In rich countries, where economic power must be greater and conditions, I believe, are better for the population, it may even be relatively easy to acquire new hardware, in Brazil, with an equivalent US $ 1.00 (US dollar) R $ 5.24 (reais) quotation on 06/24-2020, excluding taxes, we will have to reuse and repair hardware with more than 15 or 20 years of manufacture, for a few more years, or as long as it is possible to keep them running.

    Thankful.

    marcelocripe

    Original text in Brazilian Portuguese, translated into English by Google translator.

    ————–

    Seaken64,

    Agradeço por compartilhar a sua experiência nos testes com outras distribuições Linux minimalistas ou que rodam na memória RAM em seu Pentium III.

    Aproposito, qual é quantidade de memória RAM neste computador?

    Vivemos tempos onde a obsolência programada ou forçada aumentam exponencialmente a quantidade de lixo no planeta, a maioria vão para os países de terceiro mundo ou subdesenvolvidos, como se fossem doações as pessoas carentes.

    Quando não são lixo eletrônico (referente parágrafo anterior, os que não possuem mais conserto), tecnologias em pleno funcionamento são descartadas devido as exigências de requisitos de hardware (Processador e memória RAM) cada vez maiores do MS Windows e de várias distribuições Linux que seguem o o mesmo caminho, o obsolência programada.

    Nos países ricos, onde o poder econômico deve ser maior e as condições, acredito eu, sejam melhores para a população, pode até ser relativamente fácil a aquisição de novos hardwares, no Brasil, com um US$ 1,00 (dólar americano) equivalendo R$ 5,24 (reais) cotação do dia 24-06-2020, sem contar com os impostos, nós teremos que reutilizar e consertar hardwares com mais de 15 ou 20 anos de fabricação, por mais alguns anos, ou o quanto tempo for possível mantê-los funcionando.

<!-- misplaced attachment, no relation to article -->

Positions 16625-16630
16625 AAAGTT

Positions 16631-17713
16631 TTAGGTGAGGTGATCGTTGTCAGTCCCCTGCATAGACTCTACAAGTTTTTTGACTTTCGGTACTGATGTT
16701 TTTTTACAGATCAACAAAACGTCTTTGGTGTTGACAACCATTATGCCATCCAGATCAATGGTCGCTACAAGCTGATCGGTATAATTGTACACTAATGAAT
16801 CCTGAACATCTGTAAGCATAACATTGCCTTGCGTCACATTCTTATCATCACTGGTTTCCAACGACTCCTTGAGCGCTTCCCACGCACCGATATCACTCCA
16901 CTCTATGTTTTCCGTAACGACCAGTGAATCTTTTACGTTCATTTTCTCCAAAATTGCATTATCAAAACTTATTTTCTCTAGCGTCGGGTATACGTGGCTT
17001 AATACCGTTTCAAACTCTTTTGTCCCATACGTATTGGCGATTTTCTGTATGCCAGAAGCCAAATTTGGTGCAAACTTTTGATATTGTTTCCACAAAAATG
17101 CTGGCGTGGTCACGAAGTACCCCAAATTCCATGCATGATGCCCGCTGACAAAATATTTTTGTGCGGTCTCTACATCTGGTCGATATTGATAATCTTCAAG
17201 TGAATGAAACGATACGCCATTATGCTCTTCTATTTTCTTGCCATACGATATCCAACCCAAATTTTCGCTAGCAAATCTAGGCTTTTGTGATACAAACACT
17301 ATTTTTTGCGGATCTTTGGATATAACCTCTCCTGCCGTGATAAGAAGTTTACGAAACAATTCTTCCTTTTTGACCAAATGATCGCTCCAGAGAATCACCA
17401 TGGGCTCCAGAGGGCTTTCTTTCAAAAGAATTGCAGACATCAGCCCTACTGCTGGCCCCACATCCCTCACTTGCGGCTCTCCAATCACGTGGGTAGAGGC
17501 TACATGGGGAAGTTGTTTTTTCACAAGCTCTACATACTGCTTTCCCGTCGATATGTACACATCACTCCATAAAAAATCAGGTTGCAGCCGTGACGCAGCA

Grato.

    marcelocripe

    Texto original em idioma português do Brasil, traduzido para o inglês por Google tradutor.

    #37995
    Member
    Avatarseaken64

    @marcelocripe,

    the P-III in this topic has 512MB of RAM. I have other systems running with 384MB and 256MB. antiX is my go-to OS for anything 1GB or less.

    Debian is also a good fit. But the advantage of antiX is that it is administered by anticapitalista and the other developers and users. antiX is essentially Debian underneath. But I have never been good at setting up nice menus and scripts on my own. I appreciate the housekeeping and scripting that antiX provides on top of Debian.

    I hope cast off equipment will continue to find it’s way to countries where it is too expensive to buy new hardware. And as long as it does, antiX will be a good operating system for those old computers.

    Seaken64

    #38030
    Member
    AvatarBobC

    do you have room for more ram?

    what chips and slot configuration?

    maybe i have some in my box of chips

    #38990
    Member
    enriqueenrique

    Thanks for these interesting comments.

    #39059
    Moderator
    masinickmasinick

    @seaken64:

    I have been running MX Linux AND antiX Linux a LOT more – even though they are ALREADY my favorites; as I have mentioned in other threads, I recently picked up three “cast off” systems from my brother in law, who moved to a different home nearby and he has more boxes full of unused things than he has the time or energy to sort through, sift, share, or discard. I was fortunate enough, however, to be at his home when he happened to look inside one box, only to find three working, old computer systems. I asked him if he was going to keep them, discard them, or whatever. I offered to take them, experiment with them, and decide if any of them are worth using; they certainly ARE. One is an HP desktop (5000 series), another is a heavy, but really solid IBM/Lenovo Thinkpad X201 (maybe the BEST of the bunch), and the third is an HP laptop with a bad hinge, but functional.

    I’ve been playing with a few different systems on them; old as they are (older than my Dell Inspiron 5558, which is a decade+ old). Thanks to anticapitalista and his attention to detail, all of these are functional. I’ve been a fan for well over a decade; this is YET ANOTHER instance of calling upon one of our fine instances; both MX Linux and antiX STILL function fine on systems that some people consider “a bucket of bolts”!

    Thanks also to the testers and development community team and the helpful people on this forum!

    Brian Masinick